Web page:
Bell: We haven’t looked at it as a safety item, but we have seen runs where racers have gotten in their own oil and it’s pulled timing out to help stabilize the car, but it’s still the responsibility of the driver to take over control. I wouldn’t want to say that it’s not a safety item, but I wouldn’t want to rely on it either.
Pando: You could look at traction control as a safety item. If an inexperienced driver is making the move to a faster class, it would definitely help in their transition.
Davis: I don’t like to say it, but obviously if you’re not spinning the tires, you have more control of the car, and when you have more control of the car, it’s safer. We won’t try to sell traction control as a safety device, and it’s not going to keep you from crashing, but it helps.
Davis Technologies' TMS-Drag Pro 2 is a high-end unit that's fully self-learning, with adjusable starting line and ending RPM as well as the null zone, and is capable of reacting within 1/8 of a turn of the driveshaft.
Both Frankie and Joey Martin ran into situations where they got into their own oil and saved the car through a lot of good luck and great driving. When we looked at the data on the computer, the traction control was on and it was on hard, and before you see the driver make any reaction to the situation, the traction control is already on. In fact, Joey told me that he felt the motor lay over before he even realized that it was in the oil and spinning the tires.
DZ: How do your technical departments keep traction control out of the cars? What methods are they employing?
Bell: We look for the tell-tale signs, such as extra sensors and magnets on the driveshaft, and we’ll pull Racepak data from the cars and analyze it. We’ll also pull ignition data from some of the cars to study. We have several devices that we can use to check for it, but we’d rather not go into too much detail on that.
Wherever a racer is going to hide it, it can be found. It’s just a matter of looking deep enough. – Trey Capps
We generally pick a few cars for a spot-check at the scales at every event, and usually that gets everybody talking.
Capps: We do perform regular spot checks on the cars by inspecting the wires and the data on the computers and laptops. Regardless of where a racer is going to hide it, it can be found. It’s just a matter of looking deep enough.
Pando: We work closely with the NHRA, and they were on board with us when we developed our traction control systems. To ensure them the comfort level that they have, we built tools for them that will go in and detect traces of traction control, whether or not it’s being used, and provide a footprint to see how long ago it was there. With these tools that we supply to them at their disposal, they in turn are accepting of us developing products with technology designed for non-NHRA classes that won’t migrate into their playground, and if they do, they’ve got tools to look for it and keep the racers honest and the playing field level.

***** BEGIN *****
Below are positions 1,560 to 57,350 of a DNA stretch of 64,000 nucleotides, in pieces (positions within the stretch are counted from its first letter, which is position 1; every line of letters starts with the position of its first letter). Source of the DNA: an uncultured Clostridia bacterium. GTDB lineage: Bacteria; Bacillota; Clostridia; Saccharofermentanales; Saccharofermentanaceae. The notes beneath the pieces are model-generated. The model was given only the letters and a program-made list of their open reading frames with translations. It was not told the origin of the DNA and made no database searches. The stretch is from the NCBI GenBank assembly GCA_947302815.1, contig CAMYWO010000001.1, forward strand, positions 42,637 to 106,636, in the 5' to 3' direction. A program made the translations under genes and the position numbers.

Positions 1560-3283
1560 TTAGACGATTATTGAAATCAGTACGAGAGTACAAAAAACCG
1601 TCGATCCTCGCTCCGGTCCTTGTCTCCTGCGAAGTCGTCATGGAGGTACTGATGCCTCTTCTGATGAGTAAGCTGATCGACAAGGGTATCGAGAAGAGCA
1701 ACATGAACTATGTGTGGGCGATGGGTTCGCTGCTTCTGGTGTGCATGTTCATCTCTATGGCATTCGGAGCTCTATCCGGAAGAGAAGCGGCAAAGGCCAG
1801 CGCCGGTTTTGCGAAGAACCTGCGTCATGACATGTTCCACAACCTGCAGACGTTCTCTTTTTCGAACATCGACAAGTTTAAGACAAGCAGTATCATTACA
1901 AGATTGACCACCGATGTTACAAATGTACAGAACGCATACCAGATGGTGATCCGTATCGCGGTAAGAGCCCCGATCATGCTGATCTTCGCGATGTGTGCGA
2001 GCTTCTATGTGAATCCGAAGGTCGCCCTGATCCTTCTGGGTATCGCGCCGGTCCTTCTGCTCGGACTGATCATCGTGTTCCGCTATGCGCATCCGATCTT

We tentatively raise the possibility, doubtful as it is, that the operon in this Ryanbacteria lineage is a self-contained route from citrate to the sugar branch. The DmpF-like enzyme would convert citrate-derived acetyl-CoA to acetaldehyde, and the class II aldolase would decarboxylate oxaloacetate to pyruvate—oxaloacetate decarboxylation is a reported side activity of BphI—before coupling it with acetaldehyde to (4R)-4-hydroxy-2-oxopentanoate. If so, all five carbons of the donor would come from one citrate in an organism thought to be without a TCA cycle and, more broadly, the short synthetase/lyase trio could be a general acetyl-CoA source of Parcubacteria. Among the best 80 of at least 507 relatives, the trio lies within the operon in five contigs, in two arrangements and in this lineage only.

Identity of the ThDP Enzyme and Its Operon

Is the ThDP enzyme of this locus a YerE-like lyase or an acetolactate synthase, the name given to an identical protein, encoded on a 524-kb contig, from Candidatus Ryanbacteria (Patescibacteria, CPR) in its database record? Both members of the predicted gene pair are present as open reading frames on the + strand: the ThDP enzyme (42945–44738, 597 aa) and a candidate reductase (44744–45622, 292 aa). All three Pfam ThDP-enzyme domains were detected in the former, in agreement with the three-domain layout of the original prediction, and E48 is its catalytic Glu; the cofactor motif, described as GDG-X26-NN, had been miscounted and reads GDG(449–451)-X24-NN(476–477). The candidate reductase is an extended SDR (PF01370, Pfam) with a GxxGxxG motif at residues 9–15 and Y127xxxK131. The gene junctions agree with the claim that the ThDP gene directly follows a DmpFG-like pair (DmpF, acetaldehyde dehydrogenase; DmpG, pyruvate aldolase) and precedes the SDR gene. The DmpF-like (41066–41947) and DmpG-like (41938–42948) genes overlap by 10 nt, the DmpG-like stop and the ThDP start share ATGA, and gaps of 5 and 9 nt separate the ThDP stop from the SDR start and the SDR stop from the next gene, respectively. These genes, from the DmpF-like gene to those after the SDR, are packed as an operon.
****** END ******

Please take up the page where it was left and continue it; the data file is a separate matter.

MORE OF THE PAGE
We provide these tools for any sanctioning body that wants to use them, and we have them in Australia, the NHRA, IHRA, and the ADRL. In essence it’s a custom hand-held unit that they plug into the Canbus that will sniff it out and return information about the use of traction control. These tools can also deliver a time stamp that will inform officials when the feature was last used. Teams are allowed to test with it, so as long as the time indicates that it hasn’t been used during the event, that’s acceptable. The sanctioning bodies just don’t want the racers racing with it.
DZ: What does the future of traction control look like? Are these systems as advanced as they can be, or is this only the tip of the iceberg?
Pando: It’s amazing to think what we’re doing today with just a single sensor. If you really want to get after it, it’s all based on cost. The systems that we have available today can do most of the functions of high-end systems, and our goal is to keep the cost down for the racer.
Davis: Traction control systems in the future will be faster, much more tunable in terms of how much timing is taken out and at what point on the race track, and they’ll be mappable, where you can set a target driveshaft speed that you want to run and it will hold true to that.
We don’t want to let the cat out of the bag too much, but we have some things in the works for the near future.
DZ: Do you envision traction control eventually becoming legal in many or all sanctions of drag racing?
Davis: I can’t speak to them, but they may come around at some point and realize that it’s not a crew chief in a box. It may produce better racing, and it’s safer, so why not?
Pando: I work closely with a lot of the sanctioning bodies, and many of them have classes that they simply won’t allow the use of traction control because they don’t feel that there is a need for it, so it’s hard to say what the future holds for the technology.
Few technologies once considered controversial and unspoken of have gained acceptance as swiftly as traction control in drag racing, and innovators and trailblazers like those in our guest panel are to thank for that. There’s no question that the technology and it’s reach has influenced the sport, and whether that influence has been positive or negative is a matter of personal opinion, but it’s safe to say the technology is here to stay.